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The family’s risky barefoot journey takes them to an abandoned steel mill that’s now inhabited by a former neighbor named Emmett (Cillian Murphy), whose ferociously contrived means of survival—including the dangerous use of an airtight former blast furnace as his ultimate inner sanctum—can scarcely accommodate the Abbotts. There, again, Regan’s intuition and knowledge come to the fore. She picks up on the signal of another distant survivor and plans to guide the family to its source. When the urgent need for supplies forces the Abbotts to separate, Krasinski relies on the primordial device of crosscutting between the various fields of action to ratchet up suspense. Yet, throughout, the characters remain ciphers, reduced to their wiles and their battles; the result is a pared-down thriller of little significance.
The characters of “A Quiet Place Part II” are even less well defined than they were in the first installment, and their need to remain silent is hardly responsible. What little dialogue there is reflects no interest in character. A better filmmaker might have imagined the verbal thoughts that fill the characters’ minds, to reveal their inclinations, idiosyncrasies, dreams, and memories—and figured out how to include them in the film, whether on the soundtrack or in text on the screen. Krasinski’s failure to do so, or his mere disinclination, is more than a directorial omission; it’s indicative of a fundamental lack of invention, a lack of curiosity regarding both his own characters and the power of the cinema itself.
It’s also a sign of a peculiar directorial psychology, a neurosis of realism that fussily, over-fastidiously, inflexibly pursues narrative neatness. That neatness is the sequel’s major achievement and its main source of pleasure. Krasinski cannily calls attention to details that underscore the film’s premise and echo each other throughout, such as a casual query about A.S.L. that later becomes a major plot point. The latch on the blast-furnace door, the gauge of an oxygen tank, the drip of a sprinkler head, a song on a radio station, the effort to keep a heavy steel door from banging shut, a pile of shoes abandoned on a train platform, the danger posed by the sound of a life-saving gunshot: all embody an art of fierce attentiveness that relates the fate of the family’s desperate mission to obsession with the small details—and that defines cinematic accomplishment in terms of the same meticulous diligence.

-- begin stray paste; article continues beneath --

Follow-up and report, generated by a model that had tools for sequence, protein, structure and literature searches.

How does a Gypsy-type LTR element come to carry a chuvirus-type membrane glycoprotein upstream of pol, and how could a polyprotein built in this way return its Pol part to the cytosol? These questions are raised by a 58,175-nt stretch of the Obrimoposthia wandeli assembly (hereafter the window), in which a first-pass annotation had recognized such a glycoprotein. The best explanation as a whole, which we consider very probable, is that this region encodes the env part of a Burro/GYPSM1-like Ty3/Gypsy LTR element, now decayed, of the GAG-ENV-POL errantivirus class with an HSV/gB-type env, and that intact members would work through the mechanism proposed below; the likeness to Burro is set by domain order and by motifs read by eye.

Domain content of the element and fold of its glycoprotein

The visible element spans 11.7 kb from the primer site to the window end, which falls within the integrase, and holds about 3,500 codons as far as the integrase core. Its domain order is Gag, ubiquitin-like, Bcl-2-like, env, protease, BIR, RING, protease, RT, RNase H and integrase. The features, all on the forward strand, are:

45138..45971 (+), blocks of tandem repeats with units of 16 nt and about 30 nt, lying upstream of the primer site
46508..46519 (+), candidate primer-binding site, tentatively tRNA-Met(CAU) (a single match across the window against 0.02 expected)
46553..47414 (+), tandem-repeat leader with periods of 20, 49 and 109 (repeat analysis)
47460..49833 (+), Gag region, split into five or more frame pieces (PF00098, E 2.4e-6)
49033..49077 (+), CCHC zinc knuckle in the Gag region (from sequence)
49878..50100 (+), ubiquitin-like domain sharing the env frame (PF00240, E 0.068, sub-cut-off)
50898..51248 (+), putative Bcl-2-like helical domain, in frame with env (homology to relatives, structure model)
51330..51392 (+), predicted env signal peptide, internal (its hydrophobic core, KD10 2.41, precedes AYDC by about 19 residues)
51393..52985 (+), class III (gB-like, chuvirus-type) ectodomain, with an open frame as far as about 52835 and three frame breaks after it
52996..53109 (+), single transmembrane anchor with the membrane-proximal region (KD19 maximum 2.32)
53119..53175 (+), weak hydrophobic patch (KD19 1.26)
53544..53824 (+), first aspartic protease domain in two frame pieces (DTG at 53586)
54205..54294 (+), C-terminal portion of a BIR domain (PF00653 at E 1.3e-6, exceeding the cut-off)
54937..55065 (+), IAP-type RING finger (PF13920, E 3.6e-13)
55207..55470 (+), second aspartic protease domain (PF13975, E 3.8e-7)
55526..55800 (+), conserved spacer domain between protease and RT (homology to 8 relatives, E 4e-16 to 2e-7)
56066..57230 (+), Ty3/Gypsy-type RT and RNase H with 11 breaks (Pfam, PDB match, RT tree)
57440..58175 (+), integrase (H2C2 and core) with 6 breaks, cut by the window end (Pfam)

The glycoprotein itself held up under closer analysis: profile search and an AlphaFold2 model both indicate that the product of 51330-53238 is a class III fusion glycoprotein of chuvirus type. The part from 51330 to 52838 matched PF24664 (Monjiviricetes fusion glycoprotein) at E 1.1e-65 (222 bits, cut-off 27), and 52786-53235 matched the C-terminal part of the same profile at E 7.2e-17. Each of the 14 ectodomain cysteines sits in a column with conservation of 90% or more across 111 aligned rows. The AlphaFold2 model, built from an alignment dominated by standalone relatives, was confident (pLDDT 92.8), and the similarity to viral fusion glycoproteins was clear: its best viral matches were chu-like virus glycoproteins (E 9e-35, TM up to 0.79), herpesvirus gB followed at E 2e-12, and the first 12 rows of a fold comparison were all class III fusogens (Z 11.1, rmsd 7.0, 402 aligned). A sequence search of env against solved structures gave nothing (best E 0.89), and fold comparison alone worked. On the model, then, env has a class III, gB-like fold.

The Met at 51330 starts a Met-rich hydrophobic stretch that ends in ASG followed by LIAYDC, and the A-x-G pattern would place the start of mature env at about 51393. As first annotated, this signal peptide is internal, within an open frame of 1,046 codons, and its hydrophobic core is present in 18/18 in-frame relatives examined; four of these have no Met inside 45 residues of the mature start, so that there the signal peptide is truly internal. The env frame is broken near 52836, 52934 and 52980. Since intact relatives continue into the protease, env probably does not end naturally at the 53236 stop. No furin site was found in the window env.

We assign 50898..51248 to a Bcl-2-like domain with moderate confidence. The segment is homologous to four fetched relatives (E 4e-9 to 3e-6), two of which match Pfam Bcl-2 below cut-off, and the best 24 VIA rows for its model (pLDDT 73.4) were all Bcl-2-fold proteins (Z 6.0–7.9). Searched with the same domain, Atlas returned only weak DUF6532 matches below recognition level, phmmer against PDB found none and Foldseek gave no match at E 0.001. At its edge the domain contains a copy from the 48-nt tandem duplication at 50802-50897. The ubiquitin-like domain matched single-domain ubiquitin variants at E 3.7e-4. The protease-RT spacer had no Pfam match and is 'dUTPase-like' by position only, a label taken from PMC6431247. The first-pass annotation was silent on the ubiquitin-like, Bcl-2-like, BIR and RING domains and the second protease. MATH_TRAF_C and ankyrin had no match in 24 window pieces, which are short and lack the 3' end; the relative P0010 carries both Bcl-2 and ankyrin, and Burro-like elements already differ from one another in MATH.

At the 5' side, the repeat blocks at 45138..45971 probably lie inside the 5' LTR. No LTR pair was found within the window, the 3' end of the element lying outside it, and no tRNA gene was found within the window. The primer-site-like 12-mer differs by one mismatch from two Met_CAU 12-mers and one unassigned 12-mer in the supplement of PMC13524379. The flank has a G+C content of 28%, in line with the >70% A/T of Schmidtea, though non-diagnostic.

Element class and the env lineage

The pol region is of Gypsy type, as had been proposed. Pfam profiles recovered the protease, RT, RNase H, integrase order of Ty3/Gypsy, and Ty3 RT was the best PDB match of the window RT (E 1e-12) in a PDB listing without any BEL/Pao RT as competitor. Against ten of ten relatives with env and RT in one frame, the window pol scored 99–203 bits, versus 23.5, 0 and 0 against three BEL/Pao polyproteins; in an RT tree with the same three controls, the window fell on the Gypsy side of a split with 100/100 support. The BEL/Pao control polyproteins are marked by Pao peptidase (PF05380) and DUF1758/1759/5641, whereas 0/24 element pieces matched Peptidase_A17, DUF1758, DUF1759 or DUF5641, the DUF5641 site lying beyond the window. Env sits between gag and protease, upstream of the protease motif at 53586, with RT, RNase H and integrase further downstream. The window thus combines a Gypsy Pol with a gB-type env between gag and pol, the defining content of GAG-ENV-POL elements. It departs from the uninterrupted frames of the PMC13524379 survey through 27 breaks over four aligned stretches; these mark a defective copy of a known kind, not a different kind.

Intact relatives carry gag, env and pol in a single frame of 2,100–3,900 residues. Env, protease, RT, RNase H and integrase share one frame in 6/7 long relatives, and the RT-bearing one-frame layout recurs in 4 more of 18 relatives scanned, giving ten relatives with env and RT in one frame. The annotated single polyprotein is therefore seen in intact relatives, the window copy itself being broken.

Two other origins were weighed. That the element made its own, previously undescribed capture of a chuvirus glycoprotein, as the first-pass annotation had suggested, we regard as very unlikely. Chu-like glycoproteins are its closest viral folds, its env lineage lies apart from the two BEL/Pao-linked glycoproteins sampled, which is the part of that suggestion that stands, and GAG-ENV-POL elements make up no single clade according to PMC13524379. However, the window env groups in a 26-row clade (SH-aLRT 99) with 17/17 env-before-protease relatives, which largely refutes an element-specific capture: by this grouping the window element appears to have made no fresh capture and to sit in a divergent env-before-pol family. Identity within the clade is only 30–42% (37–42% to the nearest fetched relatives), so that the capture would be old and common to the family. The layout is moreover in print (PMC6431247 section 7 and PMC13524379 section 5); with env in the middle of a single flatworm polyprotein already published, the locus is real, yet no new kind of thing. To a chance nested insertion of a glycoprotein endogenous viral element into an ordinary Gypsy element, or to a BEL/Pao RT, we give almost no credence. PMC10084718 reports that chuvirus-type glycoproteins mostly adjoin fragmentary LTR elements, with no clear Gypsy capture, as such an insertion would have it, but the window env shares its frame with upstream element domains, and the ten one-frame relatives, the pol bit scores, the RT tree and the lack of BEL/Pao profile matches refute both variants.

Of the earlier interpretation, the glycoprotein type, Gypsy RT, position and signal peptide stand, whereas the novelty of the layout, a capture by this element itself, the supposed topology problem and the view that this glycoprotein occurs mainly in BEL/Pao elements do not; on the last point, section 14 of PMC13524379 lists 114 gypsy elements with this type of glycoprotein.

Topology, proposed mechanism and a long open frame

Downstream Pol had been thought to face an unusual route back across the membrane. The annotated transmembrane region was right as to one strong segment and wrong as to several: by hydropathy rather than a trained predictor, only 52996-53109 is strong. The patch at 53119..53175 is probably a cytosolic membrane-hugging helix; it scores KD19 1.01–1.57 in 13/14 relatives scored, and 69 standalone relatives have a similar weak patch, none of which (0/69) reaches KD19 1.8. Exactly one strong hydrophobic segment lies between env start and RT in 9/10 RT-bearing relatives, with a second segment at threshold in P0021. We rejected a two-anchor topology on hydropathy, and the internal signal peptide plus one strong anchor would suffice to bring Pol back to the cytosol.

But Krasinski doesn’t see the movie as a whole, in the same way that he didn’t see clearly the implications of the first movie. “A Quiet Place” symbolically turned its horror plot into a paranoid home-invasion drama, with overtones of white racial fears. In “A Quiet Place Part II,” the cast is expanded and diversified, albeit to clumsy effect. In the opening prequel scene, of the town under siege, Lee and Regan join a group taking refuge in a bar. There, as the sound-detecting monsters rampage through town, a woman of color can’t resist the impulse to call her mother—and, then, once she’s properly hushed, her cell phone rings, to catastrophic effect. As Lee and Regan escape the attack that’s caused by the woman’s heedlessness and run toward Lee’s truck, the local police officer, Ronnie (Okieriete Onaodowan), a Black man, sacrifices himself to protect them by throwing himself at one attacking creature. I’ll avoid spoilers and say merely that taking one for Team Abbott is the only role the film manages to find for its Black characters.
The problem isn’t that Krasinski is insensitive so much as that he’s unperceptive. He doesn’t see the world that he’s creating, only the story that he’s telling—or, worse, the script that he’s illustrating. Hollywood is drowning in fantasy. (Perhaps America at large is, too.) If there’s any rationale for making movies about unreal worlds, it’s in the symbolic power of fantasy to map its ideas and its emotions onto the world at large. “A Quiet Place Part II” is filled with striking, clever details; it displays no sense whatsoever of the big picture. That failure is the difference between directing and just making a movie.
Richard Brody began writing for The New Yorker in 1999. He writes about movies in his blog, The Front Row. He is the author of “Everything Is Cinema: The Working Life of Jean-Luc Godard.”